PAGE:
Mary Ann Karpinski shared her quilt with us—thank you Mary Ann! She combined the flowers from my book, Hexie Garden Quilt, with Toes in the Sand by Julie Herman from Jaybird Quilts. What a great idea!!!
Mary Ann says that she got a little carried away with the hand quilting. I don’t think she did, do you?
Well done, Mary Ann, and thank you so much for sharing your quilt with us :-).
Marie Johansen post this comment on my blog. The first photo shows her Bullseye quilt top which is amazing!
Hello! I finished my Bullseye and it one of my favorites in 40 years of making quilts! I want to make another! Is there a mathematical formula that I could use to make it even larger than 60”? I am math challenged, but would love an even larger Bullseye! Thank you for this wonderful pattern!
The answer to the math question is yes… I’m pretty sure that you can enlarge all the foundation paper piecing shapes, and the corner template, by the same percentage and they should fit together.
Marie also sent a photo of her finished quilt on the bed, photobombed by her cat, Tizzy :-).
Thank you, Marie, for sharing your quilt with us! You did a marvelous job and I look forward to hearing how the enlargement works out.
A few days ago I ran across my box of 1/2″ EPP hex flowers. I make these when I run out of other hand sewing because they are so cute and easy to sew on the go. Each side of the hex paper is 1/2″. EPP papers come in other sizes to make different sizes of flowers.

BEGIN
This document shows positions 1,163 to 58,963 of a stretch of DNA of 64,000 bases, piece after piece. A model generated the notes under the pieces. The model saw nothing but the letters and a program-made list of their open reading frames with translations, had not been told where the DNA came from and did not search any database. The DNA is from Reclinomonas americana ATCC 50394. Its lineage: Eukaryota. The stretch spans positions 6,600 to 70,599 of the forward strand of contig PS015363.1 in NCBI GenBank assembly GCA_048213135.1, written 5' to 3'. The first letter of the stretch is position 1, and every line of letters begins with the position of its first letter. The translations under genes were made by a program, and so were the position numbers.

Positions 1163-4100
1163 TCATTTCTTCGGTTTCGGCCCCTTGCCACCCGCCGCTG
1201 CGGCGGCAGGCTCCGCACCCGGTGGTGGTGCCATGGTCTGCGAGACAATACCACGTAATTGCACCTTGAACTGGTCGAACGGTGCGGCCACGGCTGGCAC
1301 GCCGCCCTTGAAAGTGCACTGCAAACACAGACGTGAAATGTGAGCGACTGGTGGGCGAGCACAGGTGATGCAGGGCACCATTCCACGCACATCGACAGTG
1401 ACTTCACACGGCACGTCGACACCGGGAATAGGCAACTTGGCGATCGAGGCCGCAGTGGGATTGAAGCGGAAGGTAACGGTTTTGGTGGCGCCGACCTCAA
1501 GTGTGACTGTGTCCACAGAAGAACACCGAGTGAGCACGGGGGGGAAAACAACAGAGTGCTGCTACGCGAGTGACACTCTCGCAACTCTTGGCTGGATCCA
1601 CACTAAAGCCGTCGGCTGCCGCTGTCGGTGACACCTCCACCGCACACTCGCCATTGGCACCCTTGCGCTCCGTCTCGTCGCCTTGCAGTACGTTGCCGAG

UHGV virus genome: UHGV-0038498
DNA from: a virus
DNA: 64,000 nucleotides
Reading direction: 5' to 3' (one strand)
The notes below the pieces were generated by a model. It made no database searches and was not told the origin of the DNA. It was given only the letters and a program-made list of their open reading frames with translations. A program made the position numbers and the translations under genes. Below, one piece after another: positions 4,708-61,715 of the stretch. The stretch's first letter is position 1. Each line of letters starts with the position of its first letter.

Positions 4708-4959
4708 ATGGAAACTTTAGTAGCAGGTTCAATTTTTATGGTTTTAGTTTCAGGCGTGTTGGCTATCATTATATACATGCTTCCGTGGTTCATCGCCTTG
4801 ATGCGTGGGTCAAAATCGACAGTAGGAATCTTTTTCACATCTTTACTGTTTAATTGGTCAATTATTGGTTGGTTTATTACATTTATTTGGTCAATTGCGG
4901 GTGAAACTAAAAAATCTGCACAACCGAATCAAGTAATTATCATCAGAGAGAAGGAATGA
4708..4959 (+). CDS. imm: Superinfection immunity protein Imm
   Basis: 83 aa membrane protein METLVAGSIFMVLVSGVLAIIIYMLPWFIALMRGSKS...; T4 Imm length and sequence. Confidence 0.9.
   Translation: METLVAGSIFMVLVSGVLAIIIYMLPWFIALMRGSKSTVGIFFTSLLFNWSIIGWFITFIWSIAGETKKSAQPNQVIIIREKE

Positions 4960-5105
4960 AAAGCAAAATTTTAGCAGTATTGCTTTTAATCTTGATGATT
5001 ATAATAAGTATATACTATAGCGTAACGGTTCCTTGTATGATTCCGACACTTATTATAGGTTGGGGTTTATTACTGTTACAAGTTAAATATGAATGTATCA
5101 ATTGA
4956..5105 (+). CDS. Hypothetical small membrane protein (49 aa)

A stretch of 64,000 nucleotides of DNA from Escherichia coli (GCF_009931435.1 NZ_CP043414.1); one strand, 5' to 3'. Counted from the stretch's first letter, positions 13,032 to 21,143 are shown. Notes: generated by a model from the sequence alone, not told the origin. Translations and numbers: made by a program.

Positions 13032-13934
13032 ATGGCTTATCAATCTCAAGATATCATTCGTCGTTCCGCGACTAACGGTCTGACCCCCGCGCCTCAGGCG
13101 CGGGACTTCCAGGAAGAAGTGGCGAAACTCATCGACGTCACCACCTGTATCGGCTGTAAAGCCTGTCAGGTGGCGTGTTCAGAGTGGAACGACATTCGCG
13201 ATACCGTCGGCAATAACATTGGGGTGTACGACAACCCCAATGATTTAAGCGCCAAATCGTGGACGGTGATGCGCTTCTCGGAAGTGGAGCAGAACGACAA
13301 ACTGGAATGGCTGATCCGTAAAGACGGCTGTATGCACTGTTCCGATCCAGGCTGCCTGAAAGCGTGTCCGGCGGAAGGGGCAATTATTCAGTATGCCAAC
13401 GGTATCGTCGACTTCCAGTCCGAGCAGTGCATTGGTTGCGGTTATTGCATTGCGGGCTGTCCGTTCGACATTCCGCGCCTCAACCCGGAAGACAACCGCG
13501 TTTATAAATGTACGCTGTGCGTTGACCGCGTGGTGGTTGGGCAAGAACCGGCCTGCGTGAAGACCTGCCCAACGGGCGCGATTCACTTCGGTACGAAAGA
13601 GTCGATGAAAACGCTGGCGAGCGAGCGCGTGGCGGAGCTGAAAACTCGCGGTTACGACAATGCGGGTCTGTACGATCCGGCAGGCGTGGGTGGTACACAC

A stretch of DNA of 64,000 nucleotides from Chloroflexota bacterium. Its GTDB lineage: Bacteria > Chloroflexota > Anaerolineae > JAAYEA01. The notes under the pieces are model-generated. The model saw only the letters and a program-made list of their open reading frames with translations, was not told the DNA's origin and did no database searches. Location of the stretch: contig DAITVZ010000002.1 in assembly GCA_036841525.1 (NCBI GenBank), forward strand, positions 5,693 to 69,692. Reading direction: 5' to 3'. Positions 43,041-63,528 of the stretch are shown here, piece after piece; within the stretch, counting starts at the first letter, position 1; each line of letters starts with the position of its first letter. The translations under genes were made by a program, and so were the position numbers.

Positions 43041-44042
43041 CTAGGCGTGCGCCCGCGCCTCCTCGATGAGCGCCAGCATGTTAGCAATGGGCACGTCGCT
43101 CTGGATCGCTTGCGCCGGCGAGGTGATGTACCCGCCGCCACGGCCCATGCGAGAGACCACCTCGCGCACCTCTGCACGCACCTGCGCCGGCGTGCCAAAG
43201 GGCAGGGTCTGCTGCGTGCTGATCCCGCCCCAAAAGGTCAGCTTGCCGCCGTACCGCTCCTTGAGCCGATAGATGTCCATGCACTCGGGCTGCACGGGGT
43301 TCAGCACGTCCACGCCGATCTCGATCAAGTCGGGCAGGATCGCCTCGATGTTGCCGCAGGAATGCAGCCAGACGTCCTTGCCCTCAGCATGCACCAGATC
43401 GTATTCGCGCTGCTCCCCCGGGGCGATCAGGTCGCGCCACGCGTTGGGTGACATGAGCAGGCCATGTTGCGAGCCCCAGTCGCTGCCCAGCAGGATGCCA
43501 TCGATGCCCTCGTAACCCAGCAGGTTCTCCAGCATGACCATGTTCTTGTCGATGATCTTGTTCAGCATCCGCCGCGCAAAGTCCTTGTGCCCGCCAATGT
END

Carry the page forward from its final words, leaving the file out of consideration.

I decided to stitch these hexie flowers to my red pouch, with a single hex spacer in between.
It works best to attach and sew one flower at a time. I pressed the flowers to make sure the creases stayed put and removed the basting thread. I used the Quilters Select glue pen. It works better if you hold the flower in place near the cent and fold back one petal at a time. Add glue to the underside of the outer edge of the petal and press it in place. Repeat for all petals and let the glue dry.
I’m still sewing the red pouch but I finished my blue one. Here’s what I learned:
The closer the applique is to the top of the pouch, the easier it is to sew.
I used my regular applique thread (Superior’s Masterpiece on the bobbin) and an invisible applique stitch.
I hid my stitch between the quilted layers of fabric.
You will have to be creative with the way you hold the fabric and you work around the flower. Take your time and focus on sewing the edges down. If it isn’t perfect, that’s OK. It just needs to be sturdy enough to hold up to the wear you give it.
I could add embroidery. I could add felted wool… maybe leaves, or a bee! But I have other hand projects that are calling me with a louder voice so I am going to call these finished (for now), because they are plenty cute as is :-).
Hexie flowers… you should make some and plant them where you need a spot of joy!
I will be visiting with Sophie Scardaci (or Jessica Vaughn if Sophie’s internet is still questionable) live tomorrow, Friday, March 18, on YouTube and Facebook about my new Welcome to the North Pole class!
We’ll start at 12PM PDT, 2PM CDT, 3PM EDT.
The book has been in print since 1997 (amazing, right?!). If you have the book but have not made the quilt because the blocks look a little scary, this class is for you! I walk you through all of the needle turn hand applique techniques you need to know to make this quilt.
There isn’t an ebook for Welcome to the North Pole so please be aware that you need to acquire the book separately from the class. There is a free digital table runner pattern included in the class that you can practice techniques on if you prefer.
PS: We had to cancel the previously scheduled event because of a bad internet connection.
We breathe without thinning about it, all day and all night long. But it’s a good idea (every now and then_ to stop and take a moment to breathe quietly, with intention. Try it… I think you will like it.